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  1. #16

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    Quote Originally Posted by stangfreak View Post
    Spoke to a few guys about the kit that have them on there cobras. They are spraying post throttle body instead of pre or into the intake. Some noticed when they were spraing into the intake the throttle body would close faster than the meth kit was able to turn off thus creating little pools in the intake tube. Person who discovered this didn't see a drop in temp. So basically just a octane booster he said. This is on a twinscrew car.

    Also went on your page and saw the kits. I'm interested in buying a kit. Just for the octane boost it gives it should work well. I run vp100. So vp100 with meth should be great. Does your kit come with that 3 way solenoid?
    Do yourself a favor and spend a few extra bucks on a good e85 setup. You will regret going with water/meth if you have the ability to run e85 full time. The risk of letting a tank of e85 sit in your car over the winter is nothing compared to the headache of tuning water/meth, always refilling the tank and most importantly loosing the injection and blowing your motor. The way you have to tune on the meth is cram as much timing into the engine its past the point of severe detonation, then sprinkle some water/meth on top to tame the detonation down. If/when the water/meth fails, your motor is toast...

    Do a search on some other sites and you'll see e85 is really awesome stuff. I've seen first hand cars go from c16 to e85 and pick up power.

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  3. #17
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    Quote Originally Posted by gt347mustang View Post
    Do yourself a favor and spend a few extra bucks on a good e85 setup. You will regret going with water/meth if you have the ability to run e85 full time. The risk of letting a tank of e85 sit in your car over the winter is nothing compared to the headache of tuning water/meth, always refilling the tank and most importantly loosing the injection and blowing your motor. The way you have to tune on the meth is cram as much timing into the engine its past the point of severe detonation, then sprinkle some water/meth on top to tame the detonation down. If/when the water/meth fails, your motor is toast...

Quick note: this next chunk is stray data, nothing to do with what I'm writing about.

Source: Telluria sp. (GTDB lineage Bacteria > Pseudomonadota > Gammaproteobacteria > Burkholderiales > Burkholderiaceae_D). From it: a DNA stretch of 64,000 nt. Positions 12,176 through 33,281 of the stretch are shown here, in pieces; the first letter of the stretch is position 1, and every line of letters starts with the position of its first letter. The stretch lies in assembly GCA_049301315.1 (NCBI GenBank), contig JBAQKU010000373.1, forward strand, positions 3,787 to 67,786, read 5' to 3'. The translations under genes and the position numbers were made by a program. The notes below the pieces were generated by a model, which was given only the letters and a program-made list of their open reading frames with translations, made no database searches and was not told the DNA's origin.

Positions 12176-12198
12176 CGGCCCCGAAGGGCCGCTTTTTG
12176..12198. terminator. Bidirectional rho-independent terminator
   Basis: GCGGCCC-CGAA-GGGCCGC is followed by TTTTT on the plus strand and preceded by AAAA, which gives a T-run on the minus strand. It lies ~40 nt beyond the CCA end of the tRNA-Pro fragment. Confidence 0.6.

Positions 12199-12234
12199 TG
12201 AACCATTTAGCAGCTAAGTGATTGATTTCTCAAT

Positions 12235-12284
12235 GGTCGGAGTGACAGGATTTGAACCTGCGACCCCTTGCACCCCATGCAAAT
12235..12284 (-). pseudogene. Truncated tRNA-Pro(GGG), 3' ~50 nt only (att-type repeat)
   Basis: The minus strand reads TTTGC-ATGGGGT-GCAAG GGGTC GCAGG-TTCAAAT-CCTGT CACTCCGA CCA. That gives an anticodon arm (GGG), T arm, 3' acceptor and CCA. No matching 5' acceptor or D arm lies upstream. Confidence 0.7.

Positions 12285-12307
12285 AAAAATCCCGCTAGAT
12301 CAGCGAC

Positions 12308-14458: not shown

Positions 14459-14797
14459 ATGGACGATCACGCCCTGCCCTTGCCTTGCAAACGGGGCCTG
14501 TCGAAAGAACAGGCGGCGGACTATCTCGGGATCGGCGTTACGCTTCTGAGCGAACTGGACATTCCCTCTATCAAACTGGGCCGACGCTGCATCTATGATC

Do a search on some other sites and you'll see e85 is really awesome stuff. I've seen first hand cars go from c16 to e85 and pick up power.
    my tuner also wants me to run e85. My 2.9 whipple at 22lbs would love some e85. Im also planning on throwing 2-3 more lbs of boost. I spoke to Justin over at fore because he was going to build me a fuel system to handle over 1000rwhp. we spoke about e85 for my car and this is what he had to say.......

    "If this is a weekend car, I advise against E85. E85 requires a lot of extra attention that has a value to most people...and for weekend car, that value often offsets the savings at the pump. Don't get me wrong...E85 works well...but I think it is best for cars that are driven daily. Frequent use/consumption/fill-ups keeps the E85 fresh, lowers fuel maintenance, plus allows you to take advantage of the savings at the pumps.


    E85 on a weekend car may require filter changes every 2-4 weeks...sometimes 3-5 months...it depends on a lot of things. Even worse, If it sits too long, often it requires a complete fuel transfusion. Gasoline is quite simple by comparison: use the cheaper pumps, don't worry about the car sitting while you travel, and change your filter once a year...lol. (I think there is some value in that...even if you're running C16)


    If I were you, run the 50-1000s, and enjoy the car...you've got headroom to go quite a big bigger...even add nitrous."

  4. #18
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    Kid I say run E-85 and don't look Back, I'm still going to hand U your ASS back on the weekend, miss U guys out in LI.

    Chris S.

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  6. #19

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    Quote Originally Posted by gt347mustang View Post
    Your information is just wrong. E85 is typically 85% ethanol, yes sometimes it varies a little bit, but overall the average is 85%. Who are you talking to that's saying the pump e85 isn't true e85?...
    Fuel grade ethanol can be anywhere from 50% to 70% ethanol in a volumetric mixture and can be labelled as and sold as E85. Aside from the troubling percentage range the word that should jump out at you is volumetric. Our engine's PCM bases all fueling calculations on gravimetric measures not volumetric measures — even wildly varying measures like 50 to 70 percent.